Managing massive technological change requires help from staff and vendors


Amid a pandemic and a five-year transformation of its Human Resource Management Systems (HRMS), John Soule Foods decided to migrate two payroll systems to a single cloud-based platform. With the right help, said Sherry Allen, senior account manager for the company, such a big change can be made – even if the company hires hundreds more and opens new branches.

John Soule Foods offers ready-to-cook, fully-cooked beef and chicken products in retail outlets, food outlets, restaurants and school nutrition programs.

When Allen joined the company in 2016, 500 employees were enrolled in two payroll systems. The company used Sage Software’s Abra Suite payroll platform at its Tyler, TX operation, but payroll got complicated when it acquired Gainesville, Ga.-Based ProView Foods in 2014, which was using ADP’s payroll system.

As the company expanded its operations (it now has 1,200 employees), the decision was made in 2016 to update its HRIS system and migrate to the Infor Global Human Resources (GHR) application suite, which is based on Amazon’s cloud platform web services. based.

Executives at John Soule Foods have bet that a hosted cloud-based platform will open up their isolated systems to provide more insight into their HR operations and improve collaboration between business units.

Infor’s GHR has integrated applications for talent management, employee performance, and HR case management, including work order monitoring and behavioral profiling.

GHR applications also use analytics software to assess employee performance and assess future employee and business needs. In 2020, payroll features were added to support back-end payroll processes, such as: B. payroll tax recording, payroll payment, wage garnishment, and payroll garnishment. other services.

“When we bought the GHR platform in 2016, Infor was not ready to add the payroll module. We were on two different systems and were trying to migrate those systems with a more robust product that would help us as the businesses grew, ”Allen said.

In order to migrate the two systems to Infor’s GHR payroll module, Allen and the company’s HR managers had to make several important decisions. Initially, the company decided that its small IT team of five would not participate in the migration project, not only because they lacked skills, but also because the company wanted to protect sensitive data.

“We thought we wanted to make our payroll and HR information more secure. We didn’t want so many people involved and being able to see this data within the company, ”Allen said.

She added that the company’s finance and HR teams wanted the expertise of a third-party company with the skills to set up the payroll system. Such an arrangement would allow the internal IT team to focus on the day-to-day IT operations of the business.

To do this, John Soule selected Foods of Bails and Associates, a Canonsburg, PA-based company that implements and maintains Infor’s human capital management (HCM) applications for clients.

For the payroll project, Bails helped clean up the system and upload it with employee details such as bank account numbers, pay codes, deduction codes, and W2 information.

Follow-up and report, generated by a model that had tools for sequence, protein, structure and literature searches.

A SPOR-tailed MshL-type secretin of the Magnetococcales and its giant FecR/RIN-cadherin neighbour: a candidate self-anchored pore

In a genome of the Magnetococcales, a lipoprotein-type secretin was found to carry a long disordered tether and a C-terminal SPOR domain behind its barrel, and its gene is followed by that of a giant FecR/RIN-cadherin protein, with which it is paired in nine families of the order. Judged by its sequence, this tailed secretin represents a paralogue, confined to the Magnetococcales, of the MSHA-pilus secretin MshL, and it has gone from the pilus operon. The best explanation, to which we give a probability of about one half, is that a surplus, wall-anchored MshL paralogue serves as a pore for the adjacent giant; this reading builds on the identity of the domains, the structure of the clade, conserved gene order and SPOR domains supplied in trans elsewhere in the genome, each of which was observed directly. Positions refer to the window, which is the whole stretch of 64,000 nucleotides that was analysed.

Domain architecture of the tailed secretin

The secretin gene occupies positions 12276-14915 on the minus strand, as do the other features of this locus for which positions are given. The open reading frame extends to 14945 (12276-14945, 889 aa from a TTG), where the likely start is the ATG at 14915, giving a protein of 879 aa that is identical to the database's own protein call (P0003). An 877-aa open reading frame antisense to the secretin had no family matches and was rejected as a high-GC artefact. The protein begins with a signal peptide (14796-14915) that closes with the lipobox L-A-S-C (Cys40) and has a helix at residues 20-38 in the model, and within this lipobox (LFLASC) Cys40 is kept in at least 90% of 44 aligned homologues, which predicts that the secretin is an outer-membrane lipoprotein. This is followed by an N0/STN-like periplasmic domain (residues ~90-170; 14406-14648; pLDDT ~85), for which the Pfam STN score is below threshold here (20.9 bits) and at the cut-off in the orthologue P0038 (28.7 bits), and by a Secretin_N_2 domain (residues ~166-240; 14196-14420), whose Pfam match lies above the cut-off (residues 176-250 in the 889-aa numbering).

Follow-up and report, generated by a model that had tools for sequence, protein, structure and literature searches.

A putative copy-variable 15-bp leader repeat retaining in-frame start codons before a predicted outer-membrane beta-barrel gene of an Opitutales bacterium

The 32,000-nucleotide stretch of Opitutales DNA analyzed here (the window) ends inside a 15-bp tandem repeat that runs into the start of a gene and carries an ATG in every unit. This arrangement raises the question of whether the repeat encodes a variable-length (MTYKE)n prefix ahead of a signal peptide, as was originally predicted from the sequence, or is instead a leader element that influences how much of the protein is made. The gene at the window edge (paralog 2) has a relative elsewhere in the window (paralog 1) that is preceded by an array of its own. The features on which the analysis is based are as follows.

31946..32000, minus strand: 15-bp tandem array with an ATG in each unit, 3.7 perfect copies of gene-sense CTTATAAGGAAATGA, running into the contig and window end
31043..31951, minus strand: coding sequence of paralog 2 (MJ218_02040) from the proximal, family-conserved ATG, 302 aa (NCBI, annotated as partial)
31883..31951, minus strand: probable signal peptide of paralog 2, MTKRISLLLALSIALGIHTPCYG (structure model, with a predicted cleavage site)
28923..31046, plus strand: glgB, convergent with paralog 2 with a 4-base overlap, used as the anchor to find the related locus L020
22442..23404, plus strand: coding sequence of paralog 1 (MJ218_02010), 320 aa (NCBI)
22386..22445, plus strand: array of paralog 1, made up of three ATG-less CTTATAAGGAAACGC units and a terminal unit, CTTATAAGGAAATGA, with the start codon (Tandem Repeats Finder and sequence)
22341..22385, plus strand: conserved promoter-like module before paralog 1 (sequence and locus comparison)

Migrating data from legacy systems to the cloud always takes time, said Ron Hanscome, vice president of research at Gartner, whose areas of coverage include the HCM application market, including HCM cloud suites.

Vendors like Infor and their competitors who offer cloud-based human resource management systems like Workday, Oracle, and SAP need to be aware of these differences and be able to reconcile them.

In this case, says Hanscome, Abra’s old payroll system is likely to be a much bigger problem because it has different data structures than Infor’s cloud-based system.

“With different data structures, you have to normalize the data, figure out where it needs to go, and then normalize it in the new data model, and that always requires a few different tests to identify errors and inconsistencies. You make your last cut from the old system to the new one, and then hopefully all the major bugs will be fixed, ”said Hanscome.

Allen found the job required more than what the company’s small IT team could handle.

“The bonds helped us get started,” she said. “Now they only help us if we can’t fix an IT problem on our own. Also, we didn’t want Bails to have the cost of hiring new IT staff, using them and specializing them for the things we need, and then letting us manage the payroll system on a daily basis once the system is up. commissioned. ”

The project started in October 2020 and lasted three months. The first checks were distributed in the first week of January 2021.

By eliminating the task of adding, reconciling and maintaining data in two systems, the company is better prepared to add 500 employees to its payroll system as it builds its new facility in Valley, Alabama, said Allen.

Additionally, Allen estimates that the new payroll app would take a third of the time it would take to process employee payments.

“Now that payroll takes less time to process, payroll coordinators have more time to convey critical information to management and other stakeholders,” she said. “This is one of the best things about the GHR payroll system. ”

Nicole Lewis is a Miami-based freelance journalist.

[Want to learn more about HR technology? Join us at the SHRM Annual Conference & Expo 2021, taking place Sept. 9-12 in Las Vegas and virtually.]

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